A WOKE DEVIL IS LOOSE! The Most Difficult Thing a Pastor Has to do is Eulogize his Beloved Granddaughter and Bury her. Pastor Kenneth Thomas Sr. of Prince George’s, Washington, D.C., Had to do That After his Granddaughter, Ashlei, an 18-year-old College Student, Was Shot on New Year’s Day in a Hotel Room.

Daniel Whyte III says this is another painful tragedy. In the words of Mrs. Ruby Gooding, “This is a Praying Time.” Everybody pray for this family, as well as other families, that are grieving and mourning at this time.

The Rev. Kenneth Thomas Sr. stepped through the double doors of the hillside church in Prince George’s County. He wore a black suit. In one hand was a briefcase, and draped over his arm was a garment bag with his pastor’s robe inside. A purple pin with the smiling face of his granddaughter, Ashlei Hinds, was pinned to his shoulder.

Funeral goers dressed in purple and black parted to the left and right of the entryway as he shook hands, then hugged and kissed their cheeks. A soft smile lit his face as they gave his arm a comforting squeeze. The smell of lilies and roses filled the air.

“You know we’re with you,” a woman said. “Need us to hold your bag?” a man asked.

“No, sir,” Thomas said politely. A deacon ushered him down a hallway and out of view.

Thomas, 71, the pastor of Johnson Memorial Baptist Church in Southeast Washington, was also the grandfather of Ashlei, 18, a college student raised in Prince George’s. She had been fatally struck by gunfire inside a D.C. hotel room on New Year’s Day, a stranger to the shooter, police said. Her killing made her D.C’s first homicide victim of 2024 in a city that has pledged to end gun violence but seems unable to do so.

Thomas was now tasked with the unthinkable: delivering the eulogy for the granddaughter he adored. He had to provide comfort to hundreds of people — including his own grieving family.

He had to get the words right.

He couldn’t break down.

People were depending on him.

Two days earlier, Thomas sat at his desk in his study and prayed. He thought hard about what to say: Should his words just be about his granddaughter? How she had a personal relationship with God?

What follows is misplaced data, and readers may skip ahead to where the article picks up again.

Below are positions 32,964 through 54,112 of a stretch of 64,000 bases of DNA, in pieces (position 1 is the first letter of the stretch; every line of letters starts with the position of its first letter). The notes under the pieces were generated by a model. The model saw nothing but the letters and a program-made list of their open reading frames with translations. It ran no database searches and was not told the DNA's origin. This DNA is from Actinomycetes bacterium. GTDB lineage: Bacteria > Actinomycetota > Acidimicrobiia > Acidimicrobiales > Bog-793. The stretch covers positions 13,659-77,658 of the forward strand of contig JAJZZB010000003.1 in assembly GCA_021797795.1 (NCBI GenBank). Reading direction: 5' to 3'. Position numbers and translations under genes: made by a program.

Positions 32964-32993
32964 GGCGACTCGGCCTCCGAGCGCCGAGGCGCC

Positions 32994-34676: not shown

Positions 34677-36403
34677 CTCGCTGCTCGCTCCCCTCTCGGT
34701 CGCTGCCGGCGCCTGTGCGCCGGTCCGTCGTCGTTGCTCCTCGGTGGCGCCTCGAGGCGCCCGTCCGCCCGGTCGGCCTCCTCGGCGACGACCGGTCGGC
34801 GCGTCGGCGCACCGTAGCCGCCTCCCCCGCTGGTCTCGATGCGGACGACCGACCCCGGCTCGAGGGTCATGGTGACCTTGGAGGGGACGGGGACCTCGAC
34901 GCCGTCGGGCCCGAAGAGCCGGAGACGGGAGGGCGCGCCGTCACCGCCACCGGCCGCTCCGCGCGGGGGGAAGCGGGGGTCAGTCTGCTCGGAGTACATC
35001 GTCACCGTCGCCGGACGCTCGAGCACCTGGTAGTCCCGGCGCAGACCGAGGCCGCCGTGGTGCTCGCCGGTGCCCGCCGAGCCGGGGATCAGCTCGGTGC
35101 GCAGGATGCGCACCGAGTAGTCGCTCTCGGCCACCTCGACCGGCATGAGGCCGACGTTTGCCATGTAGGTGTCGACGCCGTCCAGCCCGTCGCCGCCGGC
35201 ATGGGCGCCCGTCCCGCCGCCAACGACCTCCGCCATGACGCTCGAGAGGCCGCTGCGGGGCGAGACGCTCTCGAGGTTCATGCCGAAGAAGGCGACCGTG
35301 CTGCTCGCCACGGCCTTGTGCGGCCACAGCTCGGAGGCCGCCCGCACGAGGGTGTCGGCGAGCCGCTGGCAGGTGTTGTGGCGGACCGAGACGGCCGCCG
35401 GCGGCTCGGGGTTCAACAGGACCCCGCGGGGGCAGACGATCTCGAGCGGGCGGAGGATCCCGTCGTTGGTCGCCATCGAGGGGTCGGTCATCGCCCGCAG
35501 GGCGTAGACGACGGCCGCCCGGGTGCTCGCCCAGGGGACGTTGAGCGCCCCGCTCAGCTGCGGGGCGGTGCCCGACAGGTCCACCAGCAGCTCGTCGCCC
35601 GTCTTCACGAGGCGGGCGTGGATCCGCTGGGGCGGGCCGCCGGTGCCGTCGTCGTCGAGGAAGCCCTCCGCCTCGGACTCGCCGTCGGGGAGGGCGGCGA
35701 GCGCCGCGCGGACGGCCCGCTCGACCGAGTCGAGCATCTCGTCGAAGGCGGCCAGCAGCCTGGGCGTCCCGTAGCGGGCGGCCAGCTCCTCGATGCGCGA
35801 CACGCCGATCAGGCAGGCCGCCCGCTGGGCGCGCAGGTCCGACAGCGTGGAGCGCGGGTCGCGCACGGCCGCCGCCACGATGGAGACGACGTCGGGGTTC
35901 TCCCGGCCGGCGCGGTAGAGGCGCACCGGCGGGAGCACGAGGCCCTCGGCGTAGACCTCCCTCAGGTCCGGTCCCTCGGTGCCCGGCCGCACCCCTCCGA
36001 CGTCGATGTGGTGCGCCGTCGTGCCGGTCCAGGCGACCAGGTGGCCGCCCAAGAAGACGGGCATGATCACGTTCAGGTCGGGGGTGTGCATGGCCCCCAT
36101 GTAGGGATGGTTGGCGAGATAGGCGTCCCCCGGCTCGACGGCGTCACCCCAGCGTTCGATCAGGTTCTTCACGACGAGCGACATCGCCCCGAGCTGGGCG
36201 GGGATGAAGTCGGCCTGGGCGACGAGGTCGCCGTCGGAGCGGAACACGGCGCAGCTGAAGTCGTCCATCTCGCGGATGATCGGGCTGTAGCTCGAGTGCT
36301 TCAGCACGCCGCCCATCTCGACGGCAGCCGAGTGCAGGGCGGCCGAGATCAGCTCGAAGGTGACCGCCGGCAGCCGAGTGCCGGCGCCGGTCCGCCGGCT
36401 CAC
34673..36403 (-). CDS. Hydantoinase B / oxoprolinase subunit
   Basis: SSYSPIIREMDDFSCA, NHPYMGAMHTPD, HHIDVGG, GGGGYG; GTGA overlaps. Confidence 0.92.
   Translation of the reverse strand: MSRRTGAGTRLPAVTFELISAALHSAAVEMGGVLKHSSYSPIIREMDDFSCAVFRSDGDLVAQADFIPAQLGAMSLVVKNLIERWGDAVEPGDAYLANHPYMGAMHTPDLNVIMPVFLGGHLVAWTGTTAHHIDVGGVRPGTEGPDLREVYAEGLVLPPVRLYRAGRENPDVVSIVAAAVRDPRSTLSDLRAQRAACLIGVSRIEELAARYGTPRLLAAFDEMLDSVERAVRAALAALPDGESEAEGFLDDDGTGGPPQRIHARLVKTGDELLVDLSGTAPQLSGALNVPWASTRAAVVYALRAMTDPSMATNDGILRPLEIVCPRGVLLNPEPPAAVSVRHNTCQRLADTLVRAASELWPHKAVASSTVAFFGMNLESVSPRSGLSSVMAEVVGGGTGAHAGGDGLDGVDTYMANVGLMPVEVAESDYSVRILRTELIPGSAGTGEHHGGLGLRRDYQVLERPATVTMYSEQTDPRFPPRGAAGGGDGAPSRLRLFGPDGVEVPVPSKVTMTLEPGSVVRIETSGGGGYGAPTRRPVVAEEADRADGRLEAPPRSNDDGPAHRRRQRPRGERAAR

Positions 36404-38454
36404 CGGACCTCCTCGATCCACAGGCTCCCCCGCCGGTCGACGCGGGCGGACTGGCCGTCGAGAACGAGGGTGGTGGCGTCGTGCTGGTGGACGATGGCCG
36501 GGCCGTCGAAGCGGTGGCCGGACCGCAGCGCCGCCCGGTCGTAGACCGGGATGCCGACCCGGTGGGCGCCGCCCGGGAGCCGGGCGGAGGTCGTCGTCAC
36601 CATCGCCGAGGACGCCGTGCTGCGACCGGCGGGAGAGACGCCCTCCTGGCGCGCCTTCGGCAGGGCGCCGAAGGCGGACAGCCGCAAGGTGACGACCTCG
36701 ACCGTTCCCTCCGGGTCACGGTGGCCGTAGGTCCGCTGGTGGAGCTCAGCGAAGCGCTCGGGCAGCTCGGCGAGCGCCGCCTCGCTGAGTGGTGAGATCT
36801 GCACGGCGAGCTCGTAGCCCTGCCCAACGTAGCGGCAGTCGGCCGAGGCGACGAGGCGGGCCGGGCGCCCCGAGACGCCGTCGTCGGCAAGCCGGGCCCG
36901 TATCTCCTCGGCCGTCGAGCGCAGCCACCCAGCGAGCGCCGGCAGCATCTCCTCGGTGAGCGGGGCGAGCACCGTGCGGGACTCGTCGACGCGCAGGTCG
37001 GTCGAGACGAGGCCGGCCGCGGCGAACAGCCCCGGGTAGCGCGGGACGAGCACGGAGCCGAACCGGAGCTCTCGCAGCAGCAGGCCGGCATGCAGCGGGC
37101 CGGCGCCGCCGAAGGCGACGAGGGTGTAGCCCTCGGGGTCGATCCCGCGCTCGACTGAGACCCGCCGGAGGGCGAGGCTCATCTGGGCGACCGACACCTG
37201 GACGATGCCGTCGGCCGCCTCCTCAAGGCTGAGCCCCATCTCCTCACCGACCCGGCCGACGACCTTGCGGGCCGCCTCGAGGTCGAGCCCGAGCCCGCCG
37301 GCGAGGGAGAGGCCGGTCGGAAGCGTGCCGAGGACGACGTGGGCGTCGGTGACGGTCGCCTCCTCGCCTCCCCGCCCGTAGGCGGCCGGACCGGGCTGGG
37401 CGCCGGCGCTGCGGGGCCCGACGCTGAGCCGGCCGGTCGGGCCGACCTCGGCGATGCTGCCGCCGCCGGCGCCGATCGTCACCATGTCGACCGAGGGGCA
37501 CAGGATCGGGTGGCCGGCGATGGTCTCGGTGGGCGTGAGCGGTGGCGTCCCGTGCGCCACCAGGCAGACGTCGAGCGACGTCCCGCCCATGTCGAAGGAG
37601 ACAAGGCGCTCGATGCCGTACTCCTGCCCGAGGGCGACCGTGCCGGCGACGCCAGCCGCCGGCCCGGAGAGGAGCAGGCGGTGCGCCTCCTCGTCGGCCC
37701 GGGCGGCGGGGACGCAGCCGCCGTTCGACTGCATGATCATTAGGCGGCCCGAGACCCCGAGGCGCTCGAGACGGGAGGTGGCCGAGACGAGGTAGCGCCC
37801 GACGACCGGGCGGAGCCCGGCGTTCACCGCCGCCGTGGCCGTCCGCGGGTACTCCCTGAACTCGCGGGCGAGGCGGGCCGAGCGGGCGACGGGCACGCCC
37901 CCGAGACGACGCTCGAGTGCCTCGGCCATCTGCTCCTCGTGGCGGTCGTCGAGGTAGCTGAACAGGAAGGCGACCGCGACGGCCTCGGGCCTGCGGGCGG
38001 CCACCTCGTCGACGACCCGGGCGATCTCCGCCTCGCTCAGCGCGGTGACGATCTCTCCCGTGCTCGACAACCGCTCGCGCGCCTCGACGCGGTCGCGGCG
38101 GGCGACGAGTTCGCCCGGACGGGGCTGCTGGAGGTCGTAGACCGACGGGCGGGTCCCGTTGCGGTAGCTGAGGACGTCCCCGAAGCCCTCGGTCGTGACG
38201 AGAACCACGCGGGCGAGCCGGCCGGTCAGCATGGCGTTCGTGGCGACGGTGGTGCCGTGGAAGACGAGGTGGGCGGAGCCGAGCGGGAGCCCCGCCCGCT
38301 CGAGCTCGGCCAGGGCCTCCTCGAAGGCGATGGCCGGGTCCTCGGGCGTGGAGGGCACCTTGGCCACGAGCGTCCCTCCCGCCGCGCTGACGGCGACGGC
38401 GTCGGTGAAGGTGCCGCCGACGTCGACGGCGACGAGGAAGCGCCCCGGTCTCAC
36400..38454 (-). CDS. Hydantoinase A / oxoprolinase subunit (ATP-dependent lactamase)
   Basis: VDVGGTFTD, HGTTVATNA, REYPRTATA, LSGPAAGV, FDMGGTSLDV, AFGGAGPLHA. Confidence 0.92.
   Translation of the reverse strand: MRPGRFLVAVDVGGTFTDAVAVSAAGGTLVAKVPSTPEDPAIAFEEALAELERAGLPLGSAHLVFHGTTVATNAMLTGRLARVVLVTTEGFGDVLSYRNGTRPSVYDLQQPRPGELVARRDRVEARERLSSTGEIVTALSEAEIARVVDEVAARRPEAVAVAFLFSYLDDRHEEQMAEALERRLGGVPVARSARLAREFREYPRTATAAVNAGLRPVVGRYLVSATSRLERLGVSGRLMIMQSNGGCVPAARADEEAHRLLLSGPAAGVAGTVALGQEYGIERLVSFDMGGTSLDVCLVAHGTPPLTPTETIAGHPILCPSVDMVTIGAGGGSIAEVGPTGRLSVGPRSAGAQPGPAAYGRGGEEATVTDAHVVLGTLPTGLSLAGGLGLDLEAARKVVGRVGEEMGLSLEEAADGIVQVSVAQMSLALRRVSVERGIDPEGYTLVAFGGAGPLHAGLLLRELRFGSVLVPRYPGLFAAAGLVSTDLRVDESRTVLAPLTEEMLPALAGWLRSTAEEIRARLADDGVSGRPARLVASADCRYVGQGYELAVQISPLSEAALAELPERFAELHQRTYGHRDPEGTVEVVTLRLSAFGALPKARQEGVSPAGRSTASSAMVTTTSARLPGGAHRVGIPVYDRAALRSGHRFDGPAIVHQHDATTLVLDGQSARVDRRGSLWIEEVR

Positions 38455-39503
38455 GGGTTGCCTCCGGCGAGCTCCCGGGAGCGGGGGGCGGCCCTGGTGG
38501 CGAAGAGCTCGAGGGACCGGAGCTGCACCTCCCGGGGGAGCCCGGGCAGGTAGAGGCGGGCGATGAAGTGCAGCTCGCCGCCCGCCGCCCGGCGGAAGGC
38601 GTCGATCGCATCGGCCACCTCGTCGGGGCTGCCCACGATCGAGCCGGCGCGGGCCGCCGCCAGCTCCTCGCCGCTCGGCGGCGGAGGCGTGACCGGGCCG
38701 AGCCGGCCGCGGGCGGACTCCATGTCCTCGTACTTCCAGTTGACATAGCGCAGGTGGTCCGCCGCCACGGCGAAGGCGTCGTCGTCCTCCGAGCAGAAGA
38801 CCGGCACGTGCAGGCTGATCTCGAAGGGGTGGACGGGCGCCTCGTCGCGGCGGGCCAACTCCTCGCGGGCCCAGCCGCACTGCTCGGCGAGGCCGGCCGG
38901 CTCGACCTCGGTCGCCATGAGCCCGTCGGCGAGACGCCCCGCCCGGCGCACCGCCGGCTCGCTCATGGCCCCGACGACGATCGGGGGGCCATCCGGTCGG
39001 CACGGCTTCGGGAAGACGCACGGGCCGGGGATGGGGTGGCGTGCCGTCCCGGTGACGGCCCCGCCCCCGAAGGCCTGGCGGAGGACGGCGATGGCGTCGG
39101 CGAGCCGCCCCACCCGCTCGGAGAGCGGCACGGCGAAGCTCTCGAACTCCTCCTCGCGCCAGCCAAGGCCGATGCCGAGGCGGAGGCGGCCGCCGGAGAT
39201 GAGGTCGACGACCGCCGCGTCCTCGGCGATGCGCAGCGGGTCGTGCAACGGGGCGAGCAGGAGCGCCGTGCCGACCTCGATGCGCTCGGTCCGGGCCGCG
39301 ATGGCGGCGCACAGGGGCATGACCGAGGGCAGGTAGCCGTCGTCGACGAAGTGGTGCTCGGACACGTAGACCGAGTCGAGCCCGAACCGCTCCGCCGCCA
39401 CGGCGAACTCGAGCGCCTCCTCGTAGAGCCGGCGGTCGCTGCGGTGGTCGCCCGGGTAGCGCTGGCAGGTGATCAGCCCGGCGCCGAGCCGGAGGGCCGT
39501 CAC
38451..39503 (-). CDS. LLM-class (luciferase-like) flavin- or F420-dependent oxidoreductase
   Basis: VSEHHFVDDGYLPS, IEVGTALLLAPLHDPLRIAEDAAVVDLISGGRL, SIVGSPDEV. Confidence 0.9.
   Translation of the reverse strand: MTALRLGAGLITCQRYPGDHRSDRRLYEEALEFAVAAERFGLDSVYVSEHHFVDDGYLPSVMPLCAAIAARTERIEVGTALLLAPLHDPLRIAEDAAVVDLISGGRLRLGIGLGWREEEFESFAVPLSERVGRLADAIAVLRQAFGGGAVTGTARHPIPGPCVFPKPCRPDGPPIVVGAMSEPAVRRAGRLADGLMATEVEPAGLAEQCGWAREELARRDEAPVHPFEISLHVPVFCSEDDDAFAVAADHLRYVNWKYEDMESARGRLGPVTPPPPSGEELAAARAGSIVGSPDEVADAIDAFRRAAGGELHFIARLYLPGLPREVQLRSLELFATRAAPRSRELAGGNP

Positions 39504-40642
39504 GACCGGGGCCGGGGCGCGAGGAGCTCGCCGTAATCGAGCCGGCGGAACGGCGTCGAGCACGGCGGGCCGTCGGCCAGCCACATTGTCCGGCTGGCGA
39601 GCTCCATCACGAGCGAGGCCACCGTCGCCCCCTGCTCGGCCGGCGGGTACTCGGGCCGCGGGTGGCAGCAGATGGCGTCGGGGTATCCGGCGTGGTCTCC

But the words wouldn’t quite match what was in his heart. “That was my struggle,” he said.

Ashlei was Thomas’s biggest fan. She called him “Poppi,”; he called her “The Ash.” When he got his preacher’s license, she made sure everyone knew. She had asked him for a Bible to study with her younger sister. And when she was anxious about taking some tests during her first month or so at Louisiana State University, she called him for encouragement.

Ashlei was close with her grandfather. When she was nervous about taking some tests at Louisiana State, she called him for encouragement.

Thomas’s eulogy would come at the end of the service, held at the New Mount Nebo Baptist Church of Capitol Heights.

First came the viewing of Ashlei’s open casket. Weeping filled the sanctuary. So many people had packed the church that a handful had to watch on a screen in a separate room.

When it was time for Ashlei’s mother, sister and grandmother to approach, Thomas walked down the aisle with them. He looked down briefly, shaking his head.

Then he took off his glasses and wept. He left his family’s side and walked to the dais. His knees shook as he sat. Those who spoke before him acknowledged his struggle:

“I know you’re going to miss her.”

“I can only imagine having to eulogize your grandbaby.”

“One of the hardest tasks he’s ever had to do.”

Thomas stepped to the pulpit. “Ashlei was a special child.”

He paused. Inhaled.

“I loved Ash more than anyone will ever know,” Thomas continued, his voice cracking. “I was so proud of her.”

At 3:30 that morning, he said, deep in prayer, he felt the words finally come to him.

“At that moment, I heard Ashlei tell me that it was not about her, it was about the other people … it’s about the others who are still walking in darkness,” Thomas said.

Towering over the pulpit, he recited from the Book of James: “What is your life? It is even a vapor that appears for a little time and then vanishes away.”

“Everybody that came in contact with Ashlei left differently,” he said, his voice rising. “Why? Because she was full of love.”

Ashlei was in heaven, he said, and had brought together those gathered on this day. Would anyone be willing to believe in Jesus and love others, just as his granddaughter had?

“Will there be one?” he said with his hands outstretched. Someone walked down the aisle, and then another person, and another. The church rang with applause.

Thomas took a purple towel and wiped the sweat from his brow. “Praise God,” he said.

Then he went back to his seat, let out a “Whew,” and leaned back.

Source: https://www.msn.com/en-us/news/us/a-d-c-pastor-s-granddaughter-was-killed-he-had-to-give-her-eulogy/ar-BB1hv0jq?ocid=msedgntp&pc=U531&cvid=18c77e6b3e074dffb25294dc4c097fbb&ei=38

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